Danny M. Lavery


An Interview with Danny M. Lavery, by A. E. Osworth

I read Something That May Shock and Discredit You with a pen in hand, underlining passages and wondering how Daniel Mallory Ortberg (who is socially going by Daniel Lavery after taking his wife’s last name) got so close to my own experiences as to be squatting in my own, personal brain. And that was before I knew I’d be speaking to him. I just didn’t want to forget anything. In particular: “My most desperate desire was not that I would be assisted in my transition but that someone would either force or forbid me to do it, because I could not take responsibility for annihilating my own life.” It’s a feeling I remember well, the longing to be pushed out of the closet or else barricaded in it, the understanding that nothing and everything would change once I spoke out loud the reasons for my sudden onset panic attacks, a problem I had never before had until all at once I realized why I was always uncomfortable. An annihilation, to be sure.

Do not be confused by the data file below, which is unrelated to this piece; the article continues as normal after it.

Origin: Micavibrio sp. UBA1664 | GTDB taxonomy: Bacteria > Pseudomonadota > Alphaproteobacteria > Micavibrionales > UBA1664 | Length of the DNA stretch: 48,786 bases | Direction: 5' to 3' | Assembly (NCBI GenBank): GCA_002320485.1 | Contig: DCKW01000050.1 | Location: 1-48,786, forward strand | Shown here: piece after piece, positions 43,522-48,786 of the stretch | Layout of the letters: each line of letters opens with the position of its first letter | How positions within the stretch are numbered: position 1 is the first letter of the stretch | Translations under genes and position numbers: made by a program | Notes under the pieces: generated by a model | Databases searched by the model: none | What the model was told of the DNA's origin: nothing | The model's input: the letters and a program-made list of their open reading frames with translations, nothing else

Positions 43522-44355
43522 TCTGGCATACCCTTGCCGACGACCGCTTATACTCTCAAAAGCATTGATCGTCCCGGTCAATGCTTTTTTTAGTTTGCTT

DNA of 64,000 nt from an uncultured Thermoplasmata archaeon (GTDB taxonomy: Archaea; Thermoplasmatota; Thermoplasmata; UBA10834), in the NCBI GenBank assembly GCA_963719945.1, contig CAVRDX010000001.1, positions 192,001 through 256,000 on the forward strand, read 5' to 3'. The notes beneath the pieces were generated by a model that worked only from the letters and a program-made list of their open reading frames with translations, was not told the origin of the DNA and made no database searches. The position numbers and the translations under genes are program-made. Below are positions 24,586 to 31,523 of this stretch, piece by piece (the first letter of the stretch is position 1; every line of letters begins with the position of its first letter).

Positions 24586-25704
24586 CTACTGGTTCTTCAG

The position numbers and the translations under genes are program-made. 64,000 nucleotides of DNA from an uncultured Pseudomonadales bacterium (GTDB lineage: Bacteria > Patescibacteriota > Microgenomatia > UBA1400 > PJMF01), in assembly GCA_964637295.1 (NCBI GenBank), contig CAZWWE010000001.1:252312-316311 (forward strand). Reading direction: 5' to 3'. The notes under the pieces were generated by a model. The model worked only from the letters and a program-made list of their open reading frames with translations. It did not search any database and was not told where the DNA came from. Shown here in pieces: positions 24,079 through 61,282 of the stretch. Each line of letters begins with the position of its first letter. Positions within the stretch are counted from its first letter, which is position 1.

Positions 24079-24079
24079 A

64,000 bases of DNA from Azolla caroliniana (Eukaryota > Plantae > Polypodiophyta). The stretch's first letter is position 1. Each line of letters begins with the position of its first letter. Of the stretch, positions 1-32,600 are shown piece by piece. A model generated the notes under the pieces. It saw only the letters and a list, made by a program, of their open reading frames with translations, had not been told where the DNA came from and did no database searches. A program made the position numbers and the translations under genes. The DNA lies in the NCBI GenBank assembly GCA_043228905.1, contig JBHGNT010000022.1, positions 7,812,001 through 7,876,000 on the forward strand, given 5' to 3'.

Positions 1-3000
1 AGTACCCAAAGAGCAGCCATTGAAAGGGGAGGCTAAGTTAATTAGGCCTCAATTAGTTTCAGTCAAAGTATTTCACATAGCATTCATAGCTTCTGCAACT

The book is a collection of essays and interludes, many of which have been previously published on Lavery’s popular email newsletter, The Shatner Chatner. It oscillates between deep thoughts about the nature of gender and transition, closely-read parody of the Bible and Greek myth, and Eldritch re-envisioning of House Hunters. Lavery’s writing stands on the theoretical shoulders of many a gender theorist before him, but that’s not what makes this book special. It is the lightness of prose that doesn’t at all interfere with the intellectual rigor of content, but rather enhances it. It is the inclusion and distortion of the pop culture landscape around us, situating the modern (post-modern? contemporary?) transsexual in a landscape of hot internet takes and e-dada-esque humor. It is the speaking directly to and for a trans community with blessedly little hedging toward a cis audience.